Calling him "the Bernie Madoff of new Jersey politics," Critchley noted that Wildstein faces up to 15 years in prison after pleading guilty to his role in the conspiracy. As the government's star witness, however, Wildstein could get probation.
The jury heard extended, uncontested testimony during the trial about Wildstein's reputation as Christie's cutthroat enforcer, and Critchley hammered these points home by displaying photos of the governor and Wildstein to the court.
In one, the men are gazing at each other with looks that even Wildstein described as "adoring," during testimony last month.
The Wildstein who took the stand is nearly unrecognizable from the man in the photo. Critchley told the jury that Wildstein could lose weight, grow a beard and do other things to change his appearance, but he can't change his character.
Countering this in a brief rebuttal, Assistant U.S. Attorney Vikas Khanna told jurors not to let Kelly portray herself as "a victim of the governor's office instead of an active participant."
"She knew exactly how to be a part of this office," he added.
Khanna told jurors that the focus on Wildstein was an attempt to "distract you from the core if this case."
Critchley urged the jury not to let Wildstein get away, saying the governor and his cronies threw Kelly under the bus.
Some of the political bigwigs Critchley named were New York Gov. Andrew Cuomo and David Samson.
Appointed by Christie as chairman of the Port Authority Board of Commissioners, Samson pleaded guilty this past July to a felony bribery count.
Critchley talked about Christie's efforts to hush up Bridgegate from the beginning.
"He wants no blips," the attorney said. "He wants no stories."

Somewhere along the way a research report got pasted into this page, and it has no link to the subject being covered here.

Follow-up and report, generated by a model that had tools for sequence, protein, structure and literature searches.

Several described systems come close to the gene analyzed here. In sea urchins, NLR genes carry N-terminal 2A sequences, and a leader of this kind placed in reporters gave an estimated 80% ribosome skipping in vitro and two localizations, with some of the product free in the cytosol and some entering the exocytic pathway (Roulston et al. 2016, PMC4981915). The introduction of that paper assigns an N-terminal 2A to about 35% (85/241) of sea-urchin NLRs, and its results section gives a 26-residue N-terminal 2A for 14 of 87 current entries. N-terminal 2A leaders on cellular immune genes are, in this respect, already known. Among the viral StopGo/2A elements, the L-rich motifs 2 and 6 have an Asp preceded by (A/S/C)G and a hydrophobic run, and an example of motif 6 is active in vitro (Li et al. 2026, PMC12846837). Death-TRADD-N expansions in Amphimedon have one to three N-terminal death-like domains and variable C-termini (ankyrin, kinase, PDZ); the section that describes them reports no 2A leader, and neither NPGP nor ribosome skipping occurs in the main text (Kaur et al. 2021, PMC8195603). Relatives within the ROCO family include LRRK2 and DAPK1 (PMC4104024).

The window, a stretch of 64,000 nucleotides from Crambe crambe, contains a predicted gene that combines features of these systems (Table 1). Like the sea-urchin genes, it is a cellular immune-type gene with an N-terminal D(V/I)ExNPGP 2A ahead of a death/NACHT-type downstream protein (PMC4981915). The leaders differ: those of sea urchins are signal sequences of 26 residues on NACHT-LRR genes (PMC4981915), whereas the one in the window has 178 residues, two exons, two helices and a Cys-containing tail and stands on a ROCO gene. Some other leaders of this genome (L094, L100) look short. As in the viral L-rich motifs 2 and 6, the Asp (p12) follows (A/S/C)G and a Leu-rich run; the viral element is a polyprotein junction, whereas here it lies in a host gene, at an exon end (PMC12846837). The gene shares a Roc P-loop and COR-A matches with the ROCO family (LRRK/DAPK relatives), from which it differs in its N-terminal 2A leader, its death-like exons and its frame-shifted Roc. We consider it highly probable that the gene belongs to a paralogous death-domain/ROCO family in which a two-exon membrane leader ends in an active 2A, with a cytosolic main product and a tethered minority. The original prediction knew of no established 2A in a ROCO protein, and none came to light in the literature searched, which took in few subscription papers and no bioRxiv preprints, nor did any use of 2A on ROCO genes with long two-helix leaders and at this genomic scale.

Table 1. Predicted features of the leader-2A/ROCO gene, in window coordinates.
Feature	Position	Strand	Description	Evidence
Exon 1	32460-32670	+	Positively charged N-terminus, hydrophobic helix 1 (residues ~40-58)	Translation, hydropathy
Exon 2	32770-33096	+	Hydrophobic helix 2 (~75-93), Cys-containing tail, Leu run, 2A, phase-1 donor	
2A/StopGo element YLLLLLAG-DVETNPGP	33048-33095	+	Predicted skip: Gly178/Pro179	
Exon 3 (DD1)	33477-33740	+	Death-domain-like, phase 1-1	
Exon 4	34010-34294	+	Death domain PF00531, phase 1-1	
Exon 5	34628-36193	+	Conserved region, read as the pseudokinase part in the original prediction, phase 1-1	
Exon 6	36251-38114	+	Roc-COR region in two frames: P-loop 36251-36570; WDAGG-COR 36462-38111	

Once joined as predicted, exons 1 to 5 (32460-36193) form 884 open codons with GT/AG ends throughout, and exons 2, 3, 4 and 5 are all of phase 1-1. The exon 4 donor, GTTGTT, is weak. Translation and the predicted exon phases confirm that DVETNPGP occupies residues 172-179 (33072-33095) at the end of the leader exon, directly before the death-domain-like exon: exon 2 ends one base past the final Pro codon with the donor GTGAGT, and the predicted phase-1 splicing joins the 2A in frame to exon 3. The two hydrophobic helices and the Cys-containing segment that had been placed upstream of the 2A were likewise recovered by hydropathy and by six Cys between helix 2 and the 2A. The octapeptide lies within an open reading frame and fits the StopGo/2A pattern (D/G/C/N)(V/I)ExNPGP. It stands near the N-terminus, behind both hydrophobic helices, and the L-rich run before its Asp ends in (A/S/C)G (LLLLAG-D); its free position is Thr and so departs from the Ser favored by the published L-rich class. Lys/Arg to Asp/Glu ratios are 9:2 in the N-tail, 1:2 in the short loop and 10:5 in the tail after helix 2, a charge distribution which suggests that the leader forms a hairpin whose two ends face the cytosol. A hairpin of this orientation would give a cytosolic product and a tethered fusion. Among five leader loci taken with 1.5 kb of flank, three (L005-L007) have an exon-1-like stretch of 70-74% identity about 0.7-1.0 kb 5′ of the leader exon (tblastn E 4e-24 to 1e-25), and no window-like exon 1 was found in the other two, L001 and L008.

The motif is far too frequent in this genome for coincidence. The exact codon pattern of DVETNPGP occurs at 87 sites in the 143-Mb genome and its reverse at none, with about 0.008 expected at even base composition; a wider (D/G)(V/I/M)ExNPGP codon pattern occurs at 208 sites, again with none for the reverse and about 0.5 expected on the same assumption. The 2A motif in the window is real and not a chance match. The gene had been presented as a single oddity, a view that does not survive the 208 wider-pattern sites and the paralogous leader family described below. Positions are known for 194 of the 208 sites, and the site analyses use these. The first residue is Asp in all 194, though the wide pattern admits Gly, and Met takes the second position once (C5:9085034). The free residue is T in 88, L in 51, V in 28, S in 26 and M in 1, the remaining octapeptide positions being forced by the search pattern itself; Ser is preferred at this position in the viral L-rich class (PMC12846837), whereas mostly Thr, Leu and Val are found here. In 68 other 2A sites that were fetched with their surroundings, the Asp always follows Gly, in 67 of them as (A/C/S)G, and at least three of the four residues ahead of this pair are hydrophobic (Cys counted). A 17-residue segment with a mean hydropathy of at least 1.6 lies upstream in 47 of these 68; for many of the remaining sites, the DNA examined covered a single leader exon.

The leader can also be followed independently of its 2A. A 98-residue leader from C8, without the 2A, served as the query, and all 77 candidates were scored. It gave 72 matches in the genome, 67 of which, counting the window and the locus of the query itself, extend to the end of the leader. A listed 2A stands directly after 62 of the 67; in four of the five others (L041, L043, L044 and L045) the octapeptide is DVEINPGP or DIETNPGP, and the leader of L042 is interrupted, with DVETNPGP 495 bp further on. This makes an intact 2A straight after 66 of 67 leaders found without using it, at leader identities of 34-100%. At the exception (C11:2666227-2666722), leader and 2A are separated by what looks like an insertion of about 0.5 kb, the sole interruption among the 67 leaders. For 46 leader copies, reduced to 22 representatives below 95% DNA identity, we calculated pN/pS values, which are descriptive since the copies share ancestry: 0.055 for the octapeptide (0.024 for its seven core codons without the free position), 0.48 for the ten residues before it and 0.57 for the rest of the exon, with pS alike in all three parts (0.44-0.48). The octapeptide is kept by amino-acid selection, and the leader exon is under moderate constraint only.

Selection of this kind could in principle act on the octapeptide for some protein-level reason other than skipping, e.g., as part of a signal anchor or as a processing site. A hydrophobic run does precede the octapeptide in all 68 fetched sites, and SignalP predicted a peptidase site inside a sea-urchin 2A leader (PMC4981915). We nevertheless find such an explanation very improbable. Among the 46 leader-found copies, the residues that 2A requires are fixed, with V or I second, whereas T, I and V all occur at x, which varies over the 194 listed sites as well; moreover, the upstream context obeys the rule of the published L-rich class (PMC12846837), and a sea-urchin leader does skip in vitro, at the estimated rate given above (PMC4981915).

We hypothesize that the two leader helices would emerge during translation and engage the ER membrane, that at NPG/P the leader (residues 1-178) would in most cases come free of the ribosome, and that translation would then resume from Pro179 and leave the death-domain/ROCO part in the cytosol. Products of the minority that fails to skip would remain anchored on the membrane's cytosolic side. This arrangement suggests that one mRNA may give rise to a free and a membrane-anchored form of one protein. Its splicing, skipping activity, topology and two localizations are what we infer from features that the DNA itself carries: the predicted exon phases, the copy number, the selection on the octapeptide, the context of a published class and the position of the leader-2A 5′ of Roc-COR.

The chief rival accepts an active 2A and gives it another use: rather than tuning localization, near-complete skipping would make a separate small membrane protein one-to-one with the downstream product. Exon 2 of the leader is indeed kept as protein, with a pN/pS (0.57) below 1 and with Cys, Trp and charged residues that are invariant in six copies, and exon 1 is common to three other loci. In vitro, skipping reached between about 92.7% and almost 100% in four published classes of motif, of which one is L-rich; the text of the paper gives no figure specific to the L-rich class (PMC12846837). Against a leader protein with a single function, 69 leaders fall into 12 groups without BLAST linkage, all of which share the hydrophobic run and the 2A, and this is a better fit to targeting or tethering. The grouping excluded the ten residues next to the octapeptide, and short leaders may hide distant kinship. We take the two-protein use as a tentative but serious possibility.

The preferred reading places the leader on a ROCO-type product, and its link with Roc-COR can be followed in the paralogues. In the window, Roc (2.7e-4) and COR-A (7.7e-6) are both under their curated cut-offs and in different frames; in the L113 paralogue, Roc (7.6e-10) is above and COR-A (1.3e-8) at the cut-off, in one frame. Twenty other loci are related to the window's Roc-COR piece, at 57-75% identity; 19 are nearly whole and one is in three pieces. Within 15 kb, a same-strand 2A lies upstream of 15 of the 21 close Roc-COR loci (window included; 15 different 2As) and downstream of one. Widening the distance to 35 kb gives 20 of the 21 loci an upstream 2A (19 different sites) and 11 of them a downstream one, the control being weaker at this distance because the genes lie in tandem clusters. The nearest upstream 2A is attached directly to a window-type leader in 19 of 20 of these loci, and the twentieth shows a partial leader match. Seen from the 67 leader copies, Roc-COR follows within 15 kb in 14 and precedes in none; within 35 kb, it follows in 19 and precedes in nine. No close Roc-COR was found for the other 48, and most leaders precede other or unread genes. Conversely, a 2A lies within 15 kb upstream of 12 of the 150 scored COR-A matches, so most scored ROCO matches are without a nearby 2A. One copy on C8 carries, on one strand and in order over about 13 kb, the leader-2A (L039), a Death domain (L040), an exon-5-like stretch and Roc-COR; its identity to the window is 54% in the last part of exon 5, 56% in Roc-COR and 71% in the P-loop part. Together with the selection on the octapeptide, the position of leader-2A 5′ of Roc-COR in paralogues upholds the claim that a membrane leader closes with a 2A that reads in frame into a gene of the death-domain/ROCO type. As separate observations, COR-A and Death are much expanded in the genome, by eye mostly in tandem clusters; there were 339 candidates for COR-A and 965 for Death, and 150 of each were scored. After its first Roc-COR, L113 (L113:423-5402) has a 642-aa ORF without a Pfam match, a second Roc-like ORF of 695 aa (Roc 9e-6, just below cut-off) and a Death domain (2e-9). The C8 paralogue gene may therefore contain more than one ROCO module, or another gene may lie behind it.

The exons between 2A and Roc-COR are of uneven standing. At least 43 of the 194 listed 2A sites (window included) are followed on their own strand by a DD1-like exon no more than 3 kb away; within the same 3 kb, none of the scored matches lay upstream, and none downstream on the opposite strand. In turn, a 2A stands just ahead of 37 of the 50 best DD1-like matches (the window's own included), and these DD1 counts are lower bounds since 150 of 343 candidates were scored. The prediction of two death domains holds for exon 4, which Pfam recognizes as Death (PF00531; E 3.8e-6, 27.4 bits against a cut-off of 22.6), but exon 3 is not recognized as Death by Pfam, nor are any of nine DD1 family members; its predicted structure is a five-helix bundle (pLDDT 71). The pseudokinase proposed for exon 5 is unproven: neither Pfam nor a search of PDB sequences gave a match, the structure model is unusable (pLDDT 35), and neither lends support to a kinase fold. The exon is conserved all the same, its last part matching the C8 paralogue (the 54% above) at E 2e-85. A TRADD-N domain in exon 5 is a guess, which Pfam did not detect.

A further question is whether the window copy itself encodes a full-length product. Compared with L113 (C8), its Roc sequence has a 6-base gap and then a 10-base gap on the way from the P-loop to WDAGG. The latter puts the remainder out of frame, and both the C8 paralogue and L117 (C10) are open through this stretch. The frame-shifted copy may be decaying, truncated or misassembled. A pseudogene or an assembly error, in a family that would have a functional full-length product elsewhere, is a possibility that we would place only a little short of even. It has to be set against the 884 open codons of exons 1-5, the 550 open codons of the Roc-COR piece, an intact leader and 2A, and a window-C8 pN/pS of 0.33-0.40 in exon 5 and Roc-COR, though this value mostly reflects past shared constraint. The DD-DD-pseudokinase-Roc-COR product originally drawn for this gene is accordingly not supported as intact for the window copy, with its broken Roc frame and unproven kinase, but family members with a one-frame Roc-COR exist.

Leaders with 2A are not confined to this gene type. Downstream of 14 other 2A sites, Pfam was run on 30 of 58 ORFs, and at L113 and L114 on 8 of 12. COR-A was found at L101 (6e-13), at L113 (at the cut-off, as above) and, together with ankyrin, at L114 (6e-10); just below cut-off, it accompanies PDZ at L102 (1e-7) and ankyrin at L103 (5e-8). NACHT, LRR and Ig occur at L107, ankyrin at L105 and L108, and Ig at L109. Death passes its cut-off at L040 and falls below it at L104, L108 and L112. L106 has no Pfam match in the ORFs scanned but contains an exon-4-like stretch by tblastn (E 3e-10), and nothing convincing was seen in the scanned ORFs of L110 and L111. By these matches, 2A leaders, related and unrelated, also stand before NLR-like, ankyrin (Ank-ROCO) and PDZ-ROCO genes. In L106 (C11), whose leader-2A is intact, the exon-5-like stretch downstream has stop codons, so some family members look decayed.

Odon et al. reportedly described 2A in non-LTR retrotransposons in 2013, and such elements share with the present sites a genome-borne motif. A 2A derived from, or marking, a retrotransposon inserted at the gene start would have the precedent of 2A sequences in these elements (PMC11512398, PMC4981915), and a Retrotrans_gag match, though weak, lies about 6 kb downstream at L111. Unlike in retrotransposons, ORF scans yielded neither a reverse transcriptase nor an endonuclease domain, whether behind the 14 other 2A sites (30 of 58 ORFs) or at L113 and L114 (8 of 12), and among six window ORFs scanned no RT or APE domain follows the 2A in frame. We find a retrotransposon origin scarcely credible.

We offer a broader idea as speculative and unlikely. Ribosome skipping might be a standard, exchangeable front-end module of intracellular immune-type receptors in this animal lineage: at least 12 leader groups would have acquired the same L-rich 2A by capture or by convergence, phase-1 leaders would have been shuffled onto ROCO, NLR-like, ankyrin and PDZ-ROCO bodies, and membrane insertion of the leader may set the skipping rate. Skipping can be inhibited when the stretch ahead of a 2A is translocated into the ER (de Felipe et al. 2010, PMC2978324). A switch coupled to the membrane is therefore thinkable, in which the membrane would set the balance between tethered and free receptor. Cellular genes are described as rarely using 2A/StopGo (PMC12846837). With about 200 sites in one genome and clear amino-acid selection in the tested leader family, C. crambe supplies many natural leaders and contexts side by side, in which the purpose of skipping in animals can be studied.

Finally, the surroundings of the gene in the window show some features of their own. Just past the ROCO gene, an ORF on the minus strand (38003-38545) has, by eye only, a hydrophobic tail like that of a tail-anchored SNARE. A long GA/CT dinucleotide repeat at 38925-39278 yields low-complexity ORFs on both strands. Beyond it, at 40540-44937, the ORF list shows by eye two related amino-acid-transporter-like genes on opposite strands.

In addition to Christie, the defense attorney questioned why prosecutors never called as a witness Michelle Brown.
Kelly had testified that Brown was there, on Day 3 of the lane closures, when Christie told her that "the Port Authority is handling it."
One witness whom the government did call was former Christie staffer Christina Renna.
Critchley argued that Renna had incentive to lie on the stand because she hated Kelly and because sliming Christie could jeopardize her lobbying career.
Other former Christie staffers, including DuHaime and Stepien, meanwhile now advise Republican presidential candidate Donald Trump.
Christie chairs Trump's transition committee, but the New York Post reported Sunday that Trump had initially chosen him over Indiana Gov. Mike Pence as his running mate. Despite pressure to pick someone better suited at unifying deep rifts in the Republican base, according to the article, Trump wanted to reward Christie for his loyalty. The article says Trump later capitulated to his advisers, however, and rescinded the Christie offer.
Critchley spent only 20 seconds on a incriminating email that prosecutors displayed repeatedly in their five-hour closing.
Before the lanes closed on Sept. 9, 2013, Kelly had emailed Wildstein: "time for some traffic problems in Fort Lee."
Critchley reminded the jury of his client's innocent explanation for the email, saying she was just shorthand for the traffic study, which she believed was legitimate.
Emails and text messages have dogged Kelly throughout the proceedings. Critchley told the jury today that the words are taken out of context.
U.S. District Judge Susan Wigenton dismissed the jury for the day before 4 p.m.